Hopefully you've managed to finish the third season of House of Cards. But even if you haven't, the snippet of episode five that I'm about to detail isn't much of a spoiler. If you haven't watched any House of Cards... I don't even know what to say. Just... Robin Wright.
Frank Underwood understands the power of stories. Think of his insistence that Russo leverage the recovering addict angle (lesson: vulnerability can win people over if it's balanced with strength and courage), or the reason he decided Zoe was a valuable ally (lesson: stories act like silver bullets if you manage to shoot first). It's as if he were flexing his marketing muscles throughout seasons one and two only to sink his teeth into the meat of his agenda in season three. At this point, as president, he's desperate to get the public on board with his America Works program in time for re-election. He again turns to the power of stories:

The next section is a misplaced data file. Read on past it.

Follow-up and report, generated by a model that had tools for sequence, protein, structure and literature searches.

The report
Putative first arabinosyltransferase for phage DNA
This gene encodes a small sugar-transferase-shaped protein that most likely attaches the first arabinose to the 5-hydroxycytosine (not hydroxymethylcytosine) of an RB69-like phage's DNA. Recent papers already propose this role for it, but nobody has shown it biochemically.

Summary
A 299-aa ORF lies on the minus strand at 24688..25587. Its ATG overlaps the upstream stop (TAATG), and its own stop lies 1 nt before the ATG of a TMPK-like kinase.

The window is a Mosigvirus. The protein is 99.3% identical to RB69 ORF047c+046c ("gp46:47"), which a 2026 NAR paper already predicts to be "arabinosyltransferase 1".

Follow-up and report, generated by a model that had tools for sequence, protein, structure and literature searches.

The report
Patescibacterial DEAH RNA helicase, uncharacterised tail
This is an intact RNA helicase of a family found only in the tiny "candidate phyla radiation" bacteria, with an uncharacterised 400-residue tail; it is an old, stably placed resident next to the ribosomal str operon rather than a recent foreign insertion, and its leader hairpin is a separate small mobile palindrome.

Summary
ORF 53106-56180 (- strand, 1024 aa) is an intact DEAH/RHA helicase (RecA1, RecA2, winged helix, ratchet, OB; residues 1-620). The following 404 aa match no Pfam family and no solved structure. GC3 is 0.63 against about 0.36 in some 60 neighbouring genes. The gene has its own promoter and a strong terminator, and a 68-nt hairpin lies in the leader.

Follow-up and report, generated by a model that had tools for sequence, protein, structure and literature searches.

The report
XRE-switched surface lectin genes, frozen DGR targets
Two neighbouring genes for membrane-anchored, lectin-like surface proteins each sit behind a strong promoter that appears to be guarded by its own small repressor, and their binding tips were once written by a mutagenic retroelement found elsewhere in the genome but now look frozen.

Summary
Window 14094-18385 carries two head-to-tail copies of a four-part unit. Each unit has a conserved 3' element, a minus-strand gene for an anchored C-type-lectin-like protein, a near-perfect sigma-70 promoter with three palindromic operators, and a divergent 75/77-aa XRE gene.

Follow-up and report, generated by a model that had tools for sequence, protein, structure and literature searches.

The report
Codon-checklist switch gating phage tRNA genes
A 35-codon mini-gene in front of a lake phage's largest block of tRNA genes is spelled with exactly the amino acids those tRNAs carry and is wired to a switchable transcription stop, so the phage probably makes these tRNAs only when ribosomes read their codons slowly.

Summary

We need to sell America Works.... We need more than ad buys. We need the philosophy behind it, we need something of substance.... We need something that will capture the imagination.
He's talking to the writer who will carry out his next marketing maneuver: a book about the program he hopes will redeem his presidency. His point? Advertising isn't selling. Advertising is a tool people use to establish brand recognition and create buzz. But everyone already knows about his program; that's not his problem. The problem is getting people to buy in--selling the America Works program to the American people. So, what is selling if not advertising? Selling is persuading. You can't persuade people without words, and, as Underwood notes, it doesn't require overt manipulation. All you need is a story that's authentic and personal:
No sales pitch, just your honest curiosity.... I want something different, something unique--your voice.
While Frank Underwood typically demonstrates how political and marketing machines utilize manipulative tactics for persuasion, there's no denying the efficacy of his story strategy. I look forward to justifying my House of Cards binge habit with marketing wisdom again next year.